Tuesday, June 7, 2016 1:34 PM
  • Uri Dimant's great solution is the most simple query you can write. It applies from SQL 2012 forward

    Please mark this reply as answer if it solved your issue or vote as helpful if it helped so that other forum members can benefit from it

    Tuesday, June 7, 2016 1:37 PM
  • paSQuale - the query is great, but it doesn't give required result :)
    Tuesday, June 7, 2016 1:41 PM
  • Not so much, lets take a prod A, you have requieredQ  =1500 , how do you get 18 as qAdd???


    Best Regards,Uri Dimant SQL Server MVP, http://sqlblog.com/blogs/uri_dimant/

    MS SQL optimization: MS SQL Development and Optimization
    MS SQL Consulting: Large scale of database and data cleansing
    Remote DBA Services: Improves MS SQL Database Performance
    SQL Server Integration Services: Business Intelligence

    Tuesday, June 7, 2016 1:46 PM
    Answerer
  • I will explain. There are 4 requests for product A. The steps are:

    1. You add 2(packing unit) to each request(number of requests=4) for product A. Remaining stock is 42.

    2. You add 2 to each request(4) for product A. Remaining stock is 34.

    3. You add 2 to each request(4) for product A. Remaining stock is 26. The request_id=2 is now completed(since it required only 6 pieces), so, you have remaining only 3 requests.

    4. You add 2 to each request(3) for product A. Remaining stock is 20. 

    5. You add 2 to each request(3) for product A. Remaining stock is 14. The request_id=3 is now completed, since it has 10 pieces, so, from now on, you have remaining only 2 requests.

    6. You add 2 to each request(2) for product A. Remaining stock is 10.

    7. You add 2 to each request(2) for product A. Remaining stock is 6.

    6. You add 2 to each request(2) for product A. Remaining stock is 2.

    7. You add 2 to first request, and 0 to second, since there is not enough stock to satisfy both. And since stock is 0 now, the query is finished. 

    And the final result is as described in beginning.


    • Edited by simonxy Tuesday, June 7, 2016 1:58 PM
    Tuesday, June 7, 2016 1:58 PM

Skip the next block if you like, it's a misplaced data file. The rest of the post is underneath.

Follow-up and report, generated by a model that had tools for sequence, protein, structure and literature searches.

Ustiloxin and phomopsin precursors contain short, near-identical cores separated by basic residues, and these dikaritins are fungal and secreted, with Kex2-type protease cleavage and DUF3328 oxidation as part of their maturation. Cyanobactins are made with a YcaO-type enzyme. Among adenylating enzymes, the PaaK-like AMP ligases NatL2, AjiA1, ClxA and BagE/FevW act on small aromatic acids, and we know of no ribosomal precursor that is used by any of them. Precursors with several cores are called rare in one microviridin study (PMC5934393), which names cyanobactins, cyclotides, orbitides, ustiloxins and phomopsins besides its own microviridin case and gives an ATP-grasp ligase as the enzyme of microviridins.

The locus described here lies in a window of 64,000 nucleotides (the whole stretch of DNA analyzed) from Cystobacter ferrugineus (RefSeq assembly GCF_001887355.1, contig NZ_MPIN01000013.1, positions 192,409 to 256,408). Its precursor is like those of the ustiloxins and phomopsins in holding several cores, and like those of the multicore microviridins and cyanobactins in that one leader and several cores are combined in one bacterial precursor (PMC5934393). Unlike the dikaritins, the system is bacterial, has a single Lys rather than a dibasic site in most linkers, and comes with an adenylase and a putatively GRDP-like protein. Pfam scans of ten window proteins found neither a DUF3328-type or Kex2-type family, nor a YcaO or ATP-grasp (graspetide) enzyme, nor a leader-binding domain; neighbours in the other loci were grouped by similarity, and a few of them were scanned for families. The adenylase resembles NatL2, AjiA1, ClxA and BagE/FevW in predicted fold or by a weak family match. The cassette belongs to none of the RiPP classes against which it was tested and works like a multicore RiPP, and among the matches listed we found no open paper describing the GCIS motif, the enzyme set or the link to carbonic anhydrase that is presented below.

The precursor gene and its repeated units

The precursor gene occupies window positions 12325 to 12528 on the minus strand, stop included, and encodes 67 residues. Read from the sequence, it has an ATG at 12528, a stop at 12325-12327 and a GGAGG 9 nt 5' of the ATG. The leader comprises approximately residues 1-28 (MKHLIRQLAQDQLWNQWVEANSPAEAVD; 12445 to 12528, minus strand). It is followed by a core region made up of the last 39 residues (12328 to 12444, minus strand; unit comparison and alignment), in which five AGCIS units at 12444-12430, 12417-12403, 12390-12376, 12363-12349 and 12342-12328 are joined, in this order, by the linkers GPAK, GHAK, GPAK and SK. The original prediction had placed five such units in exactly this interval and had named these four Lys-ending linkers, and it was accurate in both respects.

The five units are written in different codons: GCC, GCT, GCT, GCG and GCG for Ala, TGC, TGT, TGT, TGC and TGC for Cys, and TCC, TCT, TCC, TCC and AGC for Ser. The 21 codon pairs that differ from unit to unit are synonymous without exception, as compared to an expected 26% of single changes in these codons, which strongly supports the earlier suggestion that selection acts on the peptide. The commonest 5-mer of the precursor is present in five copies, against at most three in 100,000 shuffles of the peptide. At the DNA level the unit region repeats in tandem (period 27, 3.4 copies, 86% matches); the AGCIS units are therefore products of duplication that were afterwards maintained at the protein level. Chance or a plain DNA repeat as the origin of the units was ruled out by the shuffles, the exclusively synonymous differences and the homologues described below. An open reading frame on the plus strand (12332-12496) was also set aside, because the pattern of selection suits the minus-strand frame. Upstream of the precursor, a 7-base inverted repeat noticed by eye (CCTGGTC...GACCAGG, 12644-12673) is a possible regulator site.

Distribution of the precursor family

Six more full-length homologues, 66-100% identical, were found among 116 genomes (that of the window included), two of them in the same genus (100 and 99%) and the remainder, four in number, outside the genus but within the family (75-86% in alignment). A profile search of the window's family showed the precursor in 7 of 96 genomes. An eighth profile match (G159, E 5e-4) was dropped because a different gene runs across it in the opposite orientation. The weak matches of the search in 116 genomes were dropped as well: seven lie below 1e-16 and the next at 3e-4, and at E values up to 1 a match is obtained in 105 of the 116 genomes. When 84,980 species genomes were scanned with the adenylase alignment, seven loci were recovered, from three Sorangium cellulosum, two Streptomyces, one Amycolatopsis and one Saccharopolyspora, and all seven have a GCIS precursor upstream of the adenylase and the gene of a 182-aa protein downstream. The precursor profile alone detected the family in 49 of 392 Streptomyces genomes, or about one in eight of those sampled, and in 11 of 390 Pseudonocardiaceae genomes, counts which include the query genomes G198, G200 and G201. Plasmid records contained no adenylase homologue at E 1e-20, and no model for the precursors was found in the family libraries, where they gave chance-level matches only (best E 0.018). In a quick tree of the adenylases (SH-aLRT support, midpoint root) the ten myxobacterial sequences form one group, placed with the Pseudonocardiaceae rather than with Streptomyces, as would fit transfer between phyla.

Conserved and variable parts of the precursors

• So 50-8=42-8=34-8=26... I see a value qAdd for request2 =6 , How did you get 6, 26-? or what? 

    Value for request 1 is 18.....?


    Best Regards,Uri Dimant SQL Server MVP, http://sqlblog.com/blogs/uri_dimant/

    MS SQL optimization: MS SQL Development and Optimization
    MS SQL Consulting: Large scale of database and data cleansing
    Remote DBA Services: Improves MS SQL Database Performance
    SQL Server Integration Services: Business Intelligence

    Tuesday, June 7, 2016 2:29 PM
    Answerer
  • At each loop each request gets one packing unit, until stock is empty or request is fulfilled.

    So, at first loop stock is 50-8=42
    and requests are:
    request1=2, request2=2, request3=2, request4=2

    At second loop stock is 42-8=34.
    And requests are:
    request1=4, request2=4, request3=4, request4=4

    At third loop stock is 34-8=26.

    And requests are:
    request1=6, request2=6, request3=6, request4=6
    (request2 is finished at this step. since it is completed)

    At fourth loop stock is 26-6=20.

    And requests are:
    request1=8, request2=6, request3=8, request4=8

    At fifth loop stock is 20-6=14.

    And requests are:
    request1=10, request2=6, request3=10, request4=10
    (request3 is finished at this step)

    At sixth loop stock is 14-4=10.

    And requests are:
    request1=12, request2=6, request3=10, request4=12

    At 7 loop stock is 10-4=6.

    And requests are:
    request1=14, request2=6, request3=10, request4=14

    At 8 loop stock is 6-4=2.

    And requests are:
    request1=16, request2=6, request3=10, request4=16

    At 9 loop stock is 2-2=0. (it would be 2-4=-2 and since stock is not negative it only covers first request)

    And requests are:
    request1=18, request2=6, request3=10, request4=16

    Since there is no stock, the loop is finished.
    If there would be enough stock, the loop would be finished when all requests would be covered.

    Tuesday, June 7, 2016 3:05 PM